So the next few verses, verses 23 all the way to 27, Agrippa and Berenice, they come in. There’s a great deal of circumstance, great pomp and circumstance. They enter the audience hall with the military tribunes, the prominent men of the city. This is a prominent gathering. It’s quite significant. And Paul is going to have an opportunity to share his story about the gospel and to talk about Jesus Christ, to talk about his conversion to Christ, and to talk about the implications of the gospel. Festus commands that Paul be brought in (verse 23). Festus introduces Paul. He says in verse 24, “King Agrippa and all who are present with us, you see this man about whom the whole Jewish people petitioned me, both in Jerusalem and here, shouting that he ought not to live any longer. But I found that he had done nothing deserving death.” So Festus is speaking for effect. Festus already knows this, Agrippa knows this, but he has to address everyone else, all of the prominent individuals, the men of note, the women of note who are there at Caesarea to hear what Paul has to say. “And as he himself appealed to the emperor, I decided to go ahead and send him. But I have nothing definite to write to my lord about him. Therefore, I have brought him before you all, and especially before you, King Agrippa.” This is formal speech. “So that, after we have examined him, I may have something to write. For it seems to me unreasonable, in sending a prisoner, not to indicate the charges against him.”
So everything is set. Acts 26, Agrippa speaks to Paul and tells him effectively, “You can speak for yourself now. You have permission.” Paul stretched out his hand and he begins his defense using the conventions of what we now call Greco-Roman rhetoric. “I consider myself fortunate that it is before you, King Agrippa, I am going to make my defense today against all the accusations of the Jews, especially because you are familiar with all the customs and controversies of the Jews. Therefore, I beg you to listen to me patiently.” And then Paul gives a run through of his early life, his conversion. And so we see in verses 4 to 11, he talks about his manner of life from his youth, spent from the very beginning among his own nation and in Jerusalem. All the Jews know who Paul is. They’ve known that Paul was a strict Pharisee, that Paul’s section, Paul’s segment of Pharisees is the strictest. So Paul now stands on trial because of his hope in the promise made by God to the fathers. He says, “For this hope I am accused by Jews, O king! Why is it thought incredible by any of you that God raises the dead?”(verse 8).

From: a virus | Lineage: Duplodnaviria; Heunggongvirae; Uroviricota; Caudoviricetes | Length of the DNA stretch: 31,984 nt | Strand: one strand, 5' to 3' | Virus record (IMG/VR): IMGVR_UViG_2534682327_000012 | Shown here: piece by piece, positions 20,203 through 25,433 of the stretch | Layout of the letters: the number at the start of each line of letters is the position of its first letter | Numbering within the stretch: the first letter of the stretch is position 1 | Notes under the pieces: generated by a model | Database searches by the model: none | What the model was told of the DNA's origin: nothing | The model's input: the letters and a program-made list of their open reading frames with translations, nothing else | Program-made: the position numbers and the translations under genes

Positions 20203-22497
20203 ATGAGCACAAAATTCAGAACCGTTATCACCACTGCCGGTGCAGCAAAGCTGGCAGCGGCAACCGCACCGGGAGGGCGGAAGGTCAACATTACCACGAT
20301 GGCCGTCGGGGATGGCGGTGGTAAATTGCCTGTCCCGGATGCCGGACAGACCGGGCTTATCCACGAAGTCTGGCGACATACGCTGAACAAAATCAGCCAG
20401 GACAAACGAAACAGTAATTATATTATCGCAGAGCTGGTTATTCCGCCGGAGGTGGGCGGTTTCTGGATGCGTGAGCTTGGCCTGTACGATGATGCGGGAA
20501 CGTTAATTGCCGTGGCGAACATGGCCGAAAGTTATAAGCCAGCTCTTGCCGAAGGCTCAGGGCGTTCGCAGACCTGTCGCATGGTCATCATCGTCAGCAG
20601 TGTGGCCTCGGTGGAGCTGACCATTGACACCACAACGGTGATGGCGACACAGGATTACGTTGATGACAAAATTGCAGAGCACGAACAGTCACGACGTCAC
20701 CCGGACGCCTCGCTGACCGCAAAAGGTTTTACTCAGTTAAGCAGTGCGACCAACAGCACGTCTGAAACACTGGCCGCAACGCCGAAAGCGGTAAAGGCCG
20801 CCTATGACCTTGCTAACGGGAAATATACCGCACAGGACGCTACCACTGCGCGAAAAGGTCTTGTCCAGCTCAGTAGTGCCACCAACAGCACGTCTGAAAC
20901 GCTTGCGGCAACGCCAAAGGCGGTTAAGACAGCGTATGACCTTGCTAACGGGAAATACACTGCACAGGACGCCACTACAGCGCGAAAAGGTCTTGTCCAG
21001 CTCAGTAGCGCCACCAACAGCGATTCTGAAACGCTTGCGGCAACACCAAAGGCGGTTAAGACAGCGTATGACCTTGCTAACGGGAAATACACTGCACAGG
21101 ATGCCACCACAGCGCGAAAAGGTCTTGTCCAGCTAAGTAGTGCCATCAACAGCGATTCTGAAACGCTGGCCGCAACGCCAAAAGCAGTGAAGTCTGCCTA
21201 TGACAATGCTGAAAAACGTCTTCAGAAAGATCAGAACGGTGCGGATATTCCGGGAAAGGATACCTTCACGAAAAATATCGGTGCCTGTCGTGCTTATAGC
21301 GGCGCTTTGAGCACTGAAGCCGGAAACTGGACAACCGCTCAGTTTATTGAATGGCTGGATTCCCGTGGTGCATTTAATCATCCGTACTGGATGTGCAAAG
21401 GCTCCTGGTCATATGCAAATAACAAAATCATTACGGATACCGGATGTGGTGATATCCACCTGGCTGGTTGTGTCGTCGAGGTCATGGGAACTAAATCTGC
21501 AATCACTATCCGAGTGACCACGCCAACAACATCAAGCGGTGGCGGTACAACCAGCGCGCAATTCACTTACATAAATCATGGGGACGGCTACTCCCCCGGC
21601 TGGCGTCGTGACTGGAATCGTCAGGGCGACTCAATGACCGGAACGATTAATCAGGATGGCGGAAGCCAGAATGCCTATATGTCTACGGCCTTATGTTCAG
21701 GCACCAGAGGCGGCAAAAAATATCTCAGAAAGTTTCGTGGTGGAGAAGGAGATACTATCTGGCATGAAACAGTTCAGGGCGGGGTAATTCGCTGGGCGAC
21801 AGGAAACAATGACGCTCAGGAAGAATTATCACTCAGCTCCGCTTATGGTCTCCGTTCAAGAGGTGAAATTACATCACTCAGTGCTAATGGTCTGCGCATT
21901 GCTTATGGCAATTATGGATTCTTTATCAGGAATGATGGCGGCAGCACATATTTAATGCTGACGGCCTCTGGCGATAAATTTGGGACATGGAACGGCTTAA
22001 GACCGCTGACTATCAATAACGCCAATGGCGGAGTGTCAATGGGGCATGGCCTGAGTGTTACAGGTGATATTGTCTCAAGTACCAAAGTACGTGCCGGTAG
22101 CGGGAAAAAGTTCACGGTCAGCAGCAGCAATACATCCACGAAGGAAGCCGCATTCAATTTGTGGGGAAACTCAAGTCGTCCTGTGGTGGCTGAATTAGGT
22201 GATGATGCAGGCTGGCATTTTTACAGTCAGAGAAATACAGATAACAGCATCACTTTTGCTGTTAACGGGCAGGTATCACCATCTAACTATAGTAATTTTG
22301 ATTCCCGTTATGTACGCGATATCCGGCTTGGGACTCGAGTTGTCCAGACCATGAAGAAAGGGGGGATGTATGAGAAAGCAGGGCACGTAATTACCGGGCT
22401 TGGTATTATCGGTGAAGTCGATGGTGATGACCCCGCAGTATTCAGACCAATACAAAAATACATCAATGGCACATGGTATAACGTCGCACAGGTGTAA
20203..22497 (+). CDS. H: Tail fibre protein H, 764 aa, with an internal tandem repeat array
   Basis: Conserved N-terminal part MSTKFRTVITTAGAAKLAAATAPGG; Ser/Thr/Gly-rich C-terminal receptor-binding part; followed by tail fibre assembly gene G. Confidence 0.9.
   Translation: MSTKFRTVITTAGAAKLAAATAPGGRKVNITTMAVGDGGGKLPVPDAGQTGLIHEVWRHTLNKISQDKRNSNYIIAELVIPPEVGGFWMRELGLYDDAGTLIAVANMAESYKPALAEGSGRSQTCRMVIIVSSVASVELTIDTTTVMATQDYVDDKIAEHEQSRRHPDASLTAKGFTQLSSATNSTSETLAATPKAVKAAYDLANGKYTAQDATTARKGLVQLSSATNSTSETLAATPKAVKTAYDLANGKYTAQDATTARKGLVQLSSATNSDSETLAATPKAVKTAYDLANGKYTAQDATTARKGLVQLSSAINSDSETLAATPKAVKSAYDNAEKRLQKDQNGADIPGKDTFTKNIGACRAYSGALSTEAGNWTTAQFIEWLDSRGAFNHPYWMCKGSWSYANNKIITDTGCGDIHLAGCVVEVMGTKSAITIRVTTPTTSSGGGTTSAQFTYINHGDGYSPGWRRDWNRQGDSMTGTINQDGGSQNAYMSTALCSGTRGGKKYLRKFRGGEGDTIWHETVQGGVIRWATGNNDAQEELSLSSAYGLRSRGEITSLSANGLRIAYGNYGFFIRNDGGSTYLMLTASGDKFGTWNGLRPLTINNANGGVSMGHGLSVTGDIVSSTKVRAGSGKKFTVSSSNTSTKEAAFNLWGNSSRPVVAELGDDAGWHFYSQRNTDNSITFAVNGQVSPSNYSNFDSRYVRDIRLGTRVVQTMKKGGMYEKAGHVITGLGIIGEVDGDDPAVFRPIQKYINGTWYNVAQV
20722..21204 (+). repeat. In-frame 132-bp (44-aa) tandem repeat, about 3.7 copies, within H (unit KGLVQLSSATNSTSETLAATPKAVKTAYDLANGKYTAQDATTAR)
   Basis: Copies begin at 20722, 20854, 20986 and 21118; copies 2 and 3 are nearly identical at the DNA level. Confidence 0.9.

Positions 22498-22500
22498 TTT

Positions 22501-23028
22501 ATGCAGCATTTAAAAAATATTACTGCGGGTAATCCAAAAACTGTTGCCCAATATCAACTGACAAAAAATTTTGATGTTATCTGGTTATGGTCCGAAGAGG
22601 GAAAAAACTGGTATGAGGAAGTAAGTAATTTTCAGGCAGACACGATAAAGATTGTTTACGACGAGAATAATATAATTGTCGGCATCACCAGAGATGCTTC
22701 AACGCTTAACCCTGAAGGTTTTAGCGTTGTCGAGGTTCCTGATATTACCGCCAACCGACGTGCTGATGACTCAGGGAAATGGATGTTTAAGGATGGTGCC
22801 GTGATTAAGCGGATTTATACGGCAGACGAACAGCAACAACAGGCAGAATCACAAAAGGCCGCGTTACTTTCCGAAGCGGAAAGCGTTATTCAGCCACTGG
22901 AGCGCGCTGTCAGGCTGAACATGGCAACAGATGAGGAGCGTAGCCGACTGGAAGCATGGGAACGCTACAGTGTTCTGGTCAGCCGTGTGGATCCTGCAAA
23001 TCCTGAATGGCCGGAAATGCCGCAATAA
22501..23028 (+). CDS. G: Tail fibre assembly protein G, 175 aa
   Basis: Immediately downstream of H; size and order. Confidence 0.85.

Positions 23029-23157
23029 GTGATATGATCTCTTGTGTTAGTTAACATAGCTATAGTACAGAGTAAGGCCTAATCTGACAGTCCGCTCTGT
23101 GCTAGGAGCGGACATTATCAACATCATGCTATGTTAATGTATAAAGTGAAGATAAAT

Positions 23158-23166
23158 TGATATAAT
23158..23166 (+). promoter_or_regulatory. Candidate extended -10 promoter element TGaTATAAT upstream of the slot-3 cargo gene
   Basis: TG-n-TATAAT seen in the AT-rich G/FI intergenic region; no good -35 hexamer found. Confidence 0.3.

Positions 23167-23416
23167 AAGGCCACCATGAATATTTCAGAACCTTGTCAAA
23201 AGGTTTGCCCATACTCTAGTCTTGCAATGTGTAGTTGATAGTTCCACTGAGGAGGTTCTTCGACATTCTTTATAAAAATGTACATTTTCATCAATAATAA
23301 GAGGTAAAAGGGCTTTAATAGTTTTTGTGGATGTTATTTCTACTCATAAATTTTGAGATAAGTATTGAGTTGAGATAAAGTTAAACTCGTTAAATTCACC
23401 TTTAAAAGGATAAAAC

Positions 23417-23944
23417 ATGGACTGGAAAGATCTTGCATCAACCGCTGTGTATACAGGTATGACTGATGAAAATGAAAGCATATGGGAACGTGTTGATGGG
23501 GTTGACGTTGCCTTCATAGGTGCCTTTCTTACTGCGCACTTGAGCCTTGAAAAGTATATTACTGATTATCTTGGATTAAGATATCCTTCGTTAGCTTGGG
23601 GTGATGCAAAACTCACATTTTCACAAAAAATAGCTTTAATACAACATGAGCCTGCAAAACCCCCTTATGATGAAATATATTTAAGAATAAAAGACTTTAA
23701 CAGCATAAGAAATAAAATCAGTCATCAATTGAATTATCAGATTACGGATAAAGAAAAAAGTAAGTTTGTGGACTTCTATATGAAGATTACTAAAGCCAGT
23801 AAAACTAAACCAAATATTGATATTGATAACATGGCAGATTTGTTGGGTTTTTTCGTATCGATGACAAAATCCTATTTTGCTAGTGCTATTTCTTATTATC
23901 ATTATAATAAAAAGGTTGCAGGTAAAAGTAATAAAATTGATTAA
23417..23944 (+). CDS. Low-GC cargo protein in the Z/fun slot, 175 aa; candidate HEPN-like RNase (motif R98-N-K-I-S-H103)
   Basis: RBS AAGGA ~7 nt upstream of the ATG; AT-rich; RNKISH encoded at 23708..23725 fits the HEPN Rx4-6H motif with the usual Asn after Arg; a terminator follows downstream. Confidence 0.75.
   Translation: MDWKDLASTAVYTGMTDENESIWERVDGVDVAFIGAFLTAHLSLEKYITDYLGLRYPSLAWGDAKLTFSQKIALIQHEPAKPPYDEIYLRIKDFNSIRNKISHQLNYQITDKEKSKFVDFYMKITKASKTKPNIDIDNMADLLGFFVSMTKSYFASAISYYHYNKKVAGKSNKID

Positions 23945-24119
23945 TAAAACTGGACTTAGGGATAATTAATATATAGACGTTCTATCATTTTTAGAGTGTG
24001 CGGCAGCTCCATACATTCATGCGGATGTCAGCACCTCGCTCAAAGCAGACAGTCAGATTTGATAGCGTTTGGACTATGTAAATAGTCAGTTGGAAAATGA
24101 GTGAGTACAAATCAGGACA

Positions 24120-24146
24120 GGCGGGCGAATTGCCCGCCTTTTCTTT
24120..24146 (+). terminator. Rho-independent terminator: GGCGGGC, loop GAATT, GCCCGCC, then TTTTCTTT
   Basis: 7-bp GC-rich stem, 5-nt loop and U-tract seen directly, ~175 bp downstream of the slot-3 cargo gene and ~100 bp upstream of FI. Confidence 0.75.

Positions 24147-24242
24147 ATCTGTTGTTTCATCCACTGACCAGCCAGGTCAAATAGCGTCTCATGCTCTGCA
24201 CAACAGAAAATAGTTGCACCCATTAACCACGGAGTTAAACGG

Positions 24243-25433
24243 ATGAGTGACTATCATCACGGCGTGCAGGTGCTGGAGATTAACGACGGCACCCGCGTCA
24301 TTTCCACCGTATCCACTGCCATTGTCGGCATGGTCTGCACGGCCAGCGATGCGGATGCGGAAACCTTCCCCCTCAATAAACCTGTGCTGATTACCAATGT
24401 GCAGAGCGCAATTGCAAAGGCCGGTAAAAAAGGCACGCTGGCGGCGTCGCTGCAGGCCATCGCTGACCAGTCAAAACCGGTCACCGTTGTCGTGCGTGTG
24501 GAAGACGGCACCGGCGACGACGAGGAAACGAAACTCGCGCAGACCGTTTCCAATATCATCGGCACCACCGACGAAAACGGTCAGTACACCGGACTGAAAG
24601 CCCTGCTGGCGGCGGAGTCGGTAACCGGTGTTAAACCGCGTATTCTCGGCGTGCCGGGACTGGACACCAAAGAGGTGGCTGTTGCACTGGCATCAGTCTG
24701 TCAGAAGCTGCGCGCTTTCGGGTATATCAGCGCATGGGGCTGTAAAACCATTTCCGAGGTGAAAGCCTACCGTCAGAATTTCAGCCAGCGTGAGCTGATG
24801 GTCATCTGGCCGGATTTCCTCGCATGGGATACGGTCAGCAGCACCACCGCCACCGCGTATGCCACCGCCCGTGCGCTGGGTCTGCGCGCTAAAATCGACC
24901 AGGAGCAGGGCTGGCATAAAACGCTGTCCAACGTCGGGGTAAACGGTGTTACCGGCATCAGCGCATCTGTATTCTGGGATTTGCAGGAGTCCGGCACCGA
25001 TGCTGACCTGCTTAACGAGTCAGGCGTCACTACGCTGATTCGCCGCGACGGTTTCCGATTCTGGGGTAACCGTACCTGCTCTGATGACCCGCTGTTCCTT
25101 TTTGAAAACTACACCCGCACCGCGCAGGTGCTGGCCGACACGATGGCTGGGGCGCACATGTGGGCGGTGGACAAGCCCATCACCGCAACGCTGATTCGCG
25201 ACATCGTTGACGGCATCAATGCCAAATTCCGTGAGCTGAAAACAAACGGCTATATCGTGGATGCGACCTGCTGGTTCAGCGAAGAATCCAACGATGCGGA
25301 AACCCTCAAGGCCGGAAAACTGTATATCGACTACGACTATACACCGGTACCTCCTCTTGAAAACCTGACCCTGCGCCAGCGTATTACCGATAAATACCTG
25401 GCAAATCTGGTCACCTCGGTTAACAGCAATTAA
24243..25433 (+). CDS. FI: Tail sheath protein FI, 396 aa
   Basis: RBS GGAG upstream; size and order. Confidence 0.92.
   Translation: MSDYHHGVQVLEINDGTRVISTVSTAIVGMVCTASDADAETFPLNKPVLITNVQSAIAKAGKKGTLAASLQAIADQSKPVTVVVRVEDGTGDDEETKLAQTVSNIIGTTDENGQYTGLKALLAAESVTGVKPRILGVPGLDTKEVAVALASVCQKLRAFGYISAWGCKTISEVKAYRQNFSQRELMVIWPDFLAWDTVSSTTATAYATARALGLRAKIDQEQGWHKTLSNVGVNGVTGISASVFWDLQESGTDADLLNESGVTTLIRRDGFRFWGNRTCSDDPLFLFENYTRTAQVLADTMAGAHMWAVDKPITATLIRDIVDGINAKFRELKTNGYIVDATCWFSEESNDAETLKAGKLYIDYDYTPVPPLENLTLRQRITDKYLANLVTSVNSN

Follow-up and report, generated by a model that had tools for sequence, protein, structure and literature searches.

And then he talks about himself. “I was convinced that I ought to go against Jesus of Nazareth with everything that I had. I did so in Jerusalem. I locked up many of the saints in prison after receiving authority from the chief priests. I cast my vote against them when they were put to death. I punished them in the synagogues. I tried to make them blaspheme. I raged against them, even to foreign cities.” Paul talks about this. And then he tells of his conversion, verses 12 to 18, where he is struck down to the ground at midday, brightest light he ever saw shining around him, Jesus speaking to him, “Why are you persecuting me, Saul? It is hard for you to kick against the goads.” And we’ve treated Paul’s conversion in an earlier unit, Acts 9, Acts 22, and Acts 26. So here we are in Acts 26 and Paul is giving this history to Agrippa II and to everyone that is there: the military personages, the prominent people of the city of Caesarea.
So he says in verse 19 of Acts 26, “’Therefore, O King Agrippa, I was not disobedient to the heavenly vision, but declared first to those in Damascus, then in Jerusalem and throughout all the region of Judea, and also to the Gentiles, that they should repent and turn to God, performing deeds in keeping with their repentance. For this reason, the Jews seized me in the temple and tried to kill me. To this day I have had the help that comes from God, and so I stand here testifying both to small and great, saying nothing but what the prophets and Moses said would come to pass: that the Christ must suffer and that, by being the first to rise from the dead, he would proclaim light both to our people and to the Gentiles.’ And as he was saying these things in his defense, Festus said with a loud voice, ‘Paul, you are out of your mind; your great learning is driving you out of your mind.’”